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Re: Annee Phil. followup...International Law?

Legal discussions between non-lawyers always create more confusion than
clarification.  The discussions in recent weeks about jurisdiction clauses
in license agreements are no exception.

Contracts - and licenses are contracts - between parties in different
countries or states usually agree that any dispute should be subject to a
chosen jurisdiction.  This is normal practice.  It is designed to avoid a
dispute about where a case is to be heard and under what law is it to be
judged, prior to dealing with the substantive dispute.

It is well known that many public-sector institutions in many states or
countries - notably most US states - require that all contracts be subject
to their own jurisdiction.  In the case of content licenses, most
publishers know and accept this.  For the publisher, this is essentially a
commercial decision: do the deal in return for a slight risk of things
going wrong and the dispute being subject to 'foreign' rules and hearings
- and additional legal expense.

If jurisdiction is not provided for, that may get the deal done.  But if
there is a dispute, there is a preliminary issue to be resolved: where is
the case to be heard?  Jurisdiction clauses mean that the issue has
already been decided in the contract.

International law is a body of rules designed to regulate the activities
of states and any disputes between them.  It does not attempt to second
guess national law in contract or any other branch of the law.  Its only
relevance to licenses is that it provides the rules for deciding where and
under which law a dispute between parties in different national
jurisdictions can be heard, if jurisdiction has not been provided for.

Arbitration was originally devised as a low cost alternative to litigation
through the courts.  Through the years, arbitration has become very
expensive, and has involved the creation of a different set of rules for
dispute resolution.  And it does not get round the issue of jurisdiction,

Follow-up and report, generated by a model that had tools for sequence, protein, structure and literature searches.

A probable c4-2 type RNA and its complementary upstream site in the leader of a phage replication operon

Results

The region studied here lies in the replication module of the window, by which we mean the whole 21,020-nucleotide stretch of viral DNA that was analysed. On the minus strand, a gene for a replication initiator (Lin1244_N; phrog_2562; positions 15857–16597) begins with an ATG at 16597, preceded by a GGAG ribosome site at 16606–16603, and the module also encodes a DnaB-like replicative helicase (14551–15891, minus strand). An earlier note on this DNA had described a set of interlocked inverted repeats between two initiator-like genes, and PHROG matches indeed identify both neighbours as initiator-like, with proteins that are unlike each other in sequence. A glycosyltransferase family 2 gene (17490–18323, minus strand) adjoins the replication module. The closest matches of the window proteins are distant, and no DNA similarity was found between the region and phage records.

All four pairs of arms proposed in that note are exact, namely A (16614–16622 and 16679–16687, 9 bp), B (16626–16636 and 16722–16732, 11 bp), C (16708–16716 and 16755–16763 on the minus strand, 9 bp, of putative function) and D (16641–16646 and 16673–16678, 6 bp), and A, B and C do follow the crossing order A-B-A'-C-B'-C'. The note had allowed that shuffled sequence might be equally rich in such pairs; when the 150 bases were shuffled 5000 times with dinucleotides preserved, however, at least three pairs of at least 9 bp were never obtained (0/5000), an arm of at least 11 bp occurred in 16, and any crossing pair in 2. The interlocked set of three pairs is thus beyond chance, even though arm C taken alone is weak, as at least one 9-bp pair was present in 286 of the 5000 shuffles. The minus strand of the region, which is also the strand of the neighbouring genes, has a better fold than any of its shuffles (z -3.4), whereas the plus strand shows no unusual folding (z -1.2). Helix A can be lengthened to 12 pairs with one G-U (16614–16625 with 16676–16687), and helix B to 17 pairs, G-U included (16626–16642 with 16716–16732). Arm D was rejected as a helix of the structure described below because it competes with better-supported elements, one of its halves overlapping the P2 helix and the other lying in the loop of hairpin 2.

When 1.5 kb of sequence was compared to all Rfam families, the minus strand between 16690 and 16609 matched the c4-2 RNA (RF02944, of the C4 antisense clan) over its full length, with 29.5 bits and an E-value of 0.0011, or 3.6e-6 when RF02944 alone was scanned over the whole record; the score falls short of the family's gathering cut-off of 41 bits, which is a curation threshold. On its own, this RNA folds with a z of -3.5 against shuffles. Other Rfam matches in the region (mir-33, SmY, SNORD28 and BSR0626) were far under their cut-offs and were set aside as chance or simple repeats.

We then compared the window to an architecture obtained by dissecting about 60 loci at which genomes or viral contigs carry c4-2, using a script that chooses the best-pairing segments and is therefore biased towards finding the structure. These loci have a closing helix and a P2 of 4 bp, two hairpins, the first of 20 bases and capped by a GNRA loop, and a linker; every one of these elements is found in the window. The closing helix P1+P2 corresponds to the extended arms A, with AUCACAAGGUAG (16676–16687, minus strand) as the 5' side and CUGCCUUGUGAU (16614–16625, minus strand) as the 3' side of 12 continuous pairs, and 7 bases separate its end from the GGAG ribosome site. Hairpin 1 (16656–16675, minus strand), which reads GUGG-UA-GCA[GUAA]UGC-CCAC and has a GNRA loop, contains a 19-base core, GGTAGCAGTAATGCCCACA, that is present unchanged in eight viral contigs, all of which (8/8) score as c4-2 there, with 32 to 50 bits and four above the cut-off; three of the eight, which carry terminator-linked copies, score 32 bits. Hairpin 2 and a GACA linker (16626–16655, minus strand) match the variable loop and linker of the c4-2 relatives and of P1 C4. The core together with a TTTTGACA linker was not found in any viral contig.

as the arbitrator needs to know what legal rules apply to the dispute in
question.  So it is no alternative.

There are two ways of dealing with the jurisdiction issue:

1.  The first is for the publisher to adopt the jurisdiction of its
customer.  Most sensible publishers already do this, but it does depend on
libraries making it very clear to publishers that this is the only basis
on which the deal can be done; if publishers are not made to understand
this, they will not change.  If the publisher still does not accede to
this requirement, don't do business with them and tell them so.  I am
afraid that there is no cure for commercial stupidity.

2.  The second is to delete the jurisdiction provision.  This leaves to
chance whether a dispute will get as far as court action.  In the academic
community, as in most walks of life, breach of contract is usually
resolved long before the matter gets to the litigation stage.  Although
lawyers will advise against deletion, the risk is low.

John Cox

John Cox Associates
Rookwood, Bradden
TOWCESTER, Northants NN12 8ED
United Kingdom
Tel: +44 (0) 1327 860949
Fax: +44 (0) 1327 861184
E-mail: John.E.Cox@btinternet.com

----- Original Message -----
From: "Diana Kichuk" <Diana.Kichuk@usask.ca>
To: <liblicense-l@lists.yale.edu>
Sent: 1 August 2002 11:19 pm
Subject: Re: Annee Phil. followup...International Law?

> James J. O'Donnell,
> I would like to point out another possible option. FAOSTAT has an
> interesting clause in its agreement: Governing Law; Disputes. The clause
> states that the agreement will be governed by general principles of law,
> "to the exclusion of any single national system of law". Any disputes,
> controversy or claim will be settled by "mutual agreement." If the parties
> cannot reach an agreement a request will be made for binding arbitration
> "in accordance with the Arbitration Rules of the United Nations Commission
> on International Trade Law".
> Perhaps some model license creators have considered International Law as a
> source for arbitration of jurisdiction disputes.
> While I have attempted to incorporate provincial jurisdiction is new
> licenses (with varying success), I am not at all certain what this would
> mean if a real dispute arose. Would my change have any impact? Would it
> stand up in a court of law? Would I be better off if a single
> international authority (possibly with national jurisdictions or offices)
> could be responsible for arbitrating just such disputes or controversies?
> Diana Kichuk
> Electronic Resources Librarian
> University of Saskatchewan Library
> (306) 966-5926
> (306) 966-5932 (fax)
> Diana.Kichuk@usask.ca